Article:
I relaxed in the athletes area and watched Kara Webb take the win for event 1. Just as quickly as event 1 had ended, event 2 was about to start. This time, I grabbed a sweatshirt and sweat pants to wear in the corral. I was excited for this event, strict muscle ups, strict handstand push ups, and heavy as fuck one arm kettlebell snatches (53lbs). No one seemed to know, nor care that I had placed 36th out of 40 on the previous event, I realized it didn’t matter. The audience was there in amazement, no matter what we did. I was not nervous when I walked out this time. “1 minute. 30 seconds. 10 seconds. Athletes ready. Beep.” I was finally myself, I was calm and collected. I finished in the top half of all athletes. Yes, I did deserve to be there. My coach texted me, way to bounce back in the second event, now onto day 2.
I woke up ready to attack day 2. I was in heat 1 this time, but I was one of the highest seeds in the heat. I was already not in last place. Goal achieved. We all warmed up, headed to the corrals, rolled down our knee sleeves to check for kniv…wraps, a fist bump from the head judge, and jogged out to the floor. The familiar voice from the previous day came one, “1 minute. 30 seconds. 10 seconds. Athletes ready. Beep.”
I picked up the 14lbs medicine ball and began my wall balls, hitting the 10ft target. 16reps, 10 reps. 15 reps, 11 reps. I could feel my arms getting a little tired. When I got to the last wall ball station I could feel my shoulders getting sore, my judge kept encouraging me. I heard on the loud speaker that I was in second place. Another woman had finished her wall balls when the announcer said, “Zoe has 5, 4, 3, 2, 1, done with her wall balls, but Kat is on the pull up bar.” I walked to the pull up bar and looked up, why didn’t we get a riser? I was so out of breath it took all of my might to get to the bar, I didn’t want to do that again. Kat had dropped off the bar. I began doing pull ups. I hit 20 when I heard the announcer say to the crowd, “Ladies and gentlemen, Zoe Pond-McPherson is not coming off the bar!” The crowed erupted in cheers, “She is now in first place for heat 1!”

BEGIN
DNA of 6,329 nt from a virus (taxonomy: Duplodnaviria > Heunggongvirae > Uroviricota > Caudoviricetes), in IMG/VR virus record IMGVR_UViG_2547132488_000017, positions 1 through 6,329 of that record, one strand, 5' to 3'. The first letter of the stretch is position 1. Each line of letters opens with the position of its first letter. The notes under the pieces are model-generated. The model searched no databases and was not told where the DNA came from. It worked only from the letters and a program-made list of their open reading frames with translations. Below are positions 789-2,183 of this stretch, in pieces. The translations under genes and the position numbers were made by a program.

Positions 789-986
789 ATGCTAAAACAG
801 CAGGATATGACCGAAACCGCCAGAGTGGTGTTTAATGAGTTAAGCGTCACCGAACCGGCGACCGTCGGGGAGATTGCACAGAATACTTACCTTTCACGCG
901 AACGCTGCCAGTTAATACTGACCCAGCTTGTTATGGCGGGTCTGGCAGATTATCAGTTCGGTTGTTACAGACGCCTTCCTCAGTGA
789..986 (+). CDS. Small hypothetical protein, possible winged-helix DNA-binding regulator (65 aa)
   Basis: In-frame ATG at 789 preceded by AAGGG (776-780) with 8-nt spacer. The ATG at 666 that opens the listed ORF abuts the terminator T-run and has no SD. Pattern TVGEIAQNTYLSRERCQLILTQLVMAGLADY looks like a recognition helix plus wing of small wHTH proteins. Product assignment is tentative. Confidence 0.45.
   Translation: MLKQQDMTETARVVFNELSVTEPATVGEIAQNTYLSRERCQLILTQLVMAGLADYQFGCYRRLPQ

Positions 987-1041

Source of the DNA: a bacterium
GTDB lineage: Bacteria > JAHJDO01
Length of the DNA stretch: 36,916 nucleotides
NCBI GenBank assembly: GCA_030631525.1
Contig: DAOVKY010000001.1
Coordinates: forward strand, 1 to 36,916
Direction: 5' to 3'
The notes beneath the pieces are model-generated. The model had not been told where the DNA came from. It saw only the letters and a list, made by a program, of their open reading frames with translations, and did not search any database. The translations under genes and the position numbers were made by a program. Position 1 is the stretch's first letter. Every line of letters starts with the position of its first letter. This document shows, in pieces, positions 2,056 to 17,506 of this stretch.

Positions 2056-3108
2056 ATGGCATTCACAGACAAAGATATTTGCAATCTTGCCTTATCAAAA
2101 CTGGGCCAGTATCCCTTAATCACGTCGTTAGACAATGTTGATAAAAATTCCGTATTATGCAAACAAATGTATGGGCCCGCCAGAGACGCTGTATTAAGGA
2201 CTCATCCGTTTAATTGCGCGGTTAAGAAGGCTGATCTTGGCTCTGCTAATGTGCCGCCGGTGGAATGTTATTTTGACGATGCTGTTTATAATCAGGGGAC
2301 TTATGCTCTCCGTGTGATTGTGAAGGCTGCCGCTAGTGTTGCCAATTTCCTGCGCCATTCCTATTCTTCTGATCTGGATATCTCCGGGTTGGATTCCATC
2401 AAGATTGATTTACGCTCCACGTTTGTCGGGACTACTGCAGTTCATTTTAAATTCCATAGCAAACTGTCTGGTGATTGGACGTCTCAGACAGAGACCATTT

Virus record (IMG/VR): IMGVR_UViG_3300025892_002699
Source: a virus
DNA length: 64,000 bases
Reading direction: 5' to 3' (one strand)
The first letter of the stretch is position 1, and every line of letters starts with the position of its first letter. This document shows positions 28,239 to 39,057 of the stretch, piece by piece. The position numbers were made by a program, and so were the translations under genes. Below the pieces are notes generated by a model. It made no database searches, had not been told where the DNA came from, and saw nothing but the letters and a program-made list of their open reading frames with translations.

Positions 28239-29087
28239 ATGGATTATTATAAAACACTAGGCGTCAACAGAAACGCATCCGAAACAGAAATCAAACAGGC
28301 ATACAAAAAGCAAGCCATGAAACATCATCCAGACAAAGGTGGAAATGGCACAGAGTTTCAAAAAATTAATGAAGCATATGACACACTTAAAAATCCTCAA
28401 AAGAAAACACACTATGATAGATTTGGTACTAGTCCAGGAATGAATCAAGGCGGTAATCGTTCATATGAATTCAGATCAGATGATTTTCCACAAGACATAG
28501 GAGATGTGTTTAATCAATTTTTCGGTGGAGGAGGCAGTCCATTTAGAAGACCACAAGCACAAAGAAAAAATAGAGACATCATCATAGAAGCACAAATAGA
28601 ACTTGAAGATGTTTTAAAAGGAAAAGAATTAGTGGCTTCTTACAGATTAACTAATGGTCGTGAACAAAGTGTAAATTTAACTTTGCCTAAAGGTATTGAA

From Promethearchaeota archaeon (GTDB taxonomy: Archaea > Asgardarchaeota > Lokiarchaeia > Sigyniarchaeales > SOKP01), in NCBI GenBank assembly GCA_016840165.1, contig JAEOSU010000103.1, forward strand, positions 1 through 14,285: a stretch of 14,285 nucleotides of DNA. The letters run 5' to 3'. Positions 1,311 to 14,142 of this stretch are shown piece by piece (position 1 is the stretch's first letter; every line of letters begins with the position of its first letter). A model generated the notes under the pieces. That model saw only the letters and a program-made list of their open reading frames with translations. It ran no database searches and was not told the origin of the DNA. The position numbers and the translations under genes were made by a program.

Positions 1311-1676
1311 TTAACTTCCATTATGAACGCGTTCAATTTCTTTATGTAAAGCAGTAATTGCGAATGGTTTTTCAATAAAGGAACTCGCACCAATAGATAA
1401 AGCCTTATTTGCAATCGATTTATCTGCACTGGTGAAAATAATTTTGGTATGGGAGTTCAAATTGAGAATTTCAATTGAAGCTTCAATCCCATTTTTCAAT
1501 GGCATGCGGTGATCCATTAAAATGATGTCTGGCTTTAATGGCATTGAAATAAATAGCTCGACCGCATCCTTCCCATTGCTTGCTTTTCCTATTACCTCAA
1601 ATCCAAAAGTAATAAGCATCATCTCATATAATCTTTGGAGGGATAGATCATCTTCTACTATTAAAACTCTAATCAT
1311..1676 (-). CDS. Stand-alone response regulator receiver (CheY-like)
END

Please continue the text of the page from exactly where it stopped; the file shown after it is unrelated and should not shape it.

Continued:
I walked off the floor in pain, back tight, legs tired, and happy, I had just won a heat at regionals. The minimum work requirement for this event was all 104 wall balls and 1 pull up within the 6 minute time cap. I looked at the standings, six women in my heat didn’t get a pull up, they were all out for the remainder of the competition.
With only three of us left in my heat, the event organizers had to decide what to do, would they bump people up in heats or send three of us out there alone? 5 minutes before our scheduled heat, we were informed that they weren’t able to adjust the chip timers to accommodate changing heats and lanes in such a short time. Kat, Evelina, and I all wished each other luck and laughed it off, at the very least our families would see a lot of us on camera. The head judge apologized, gave us the fist bump, and told us to go have some fun.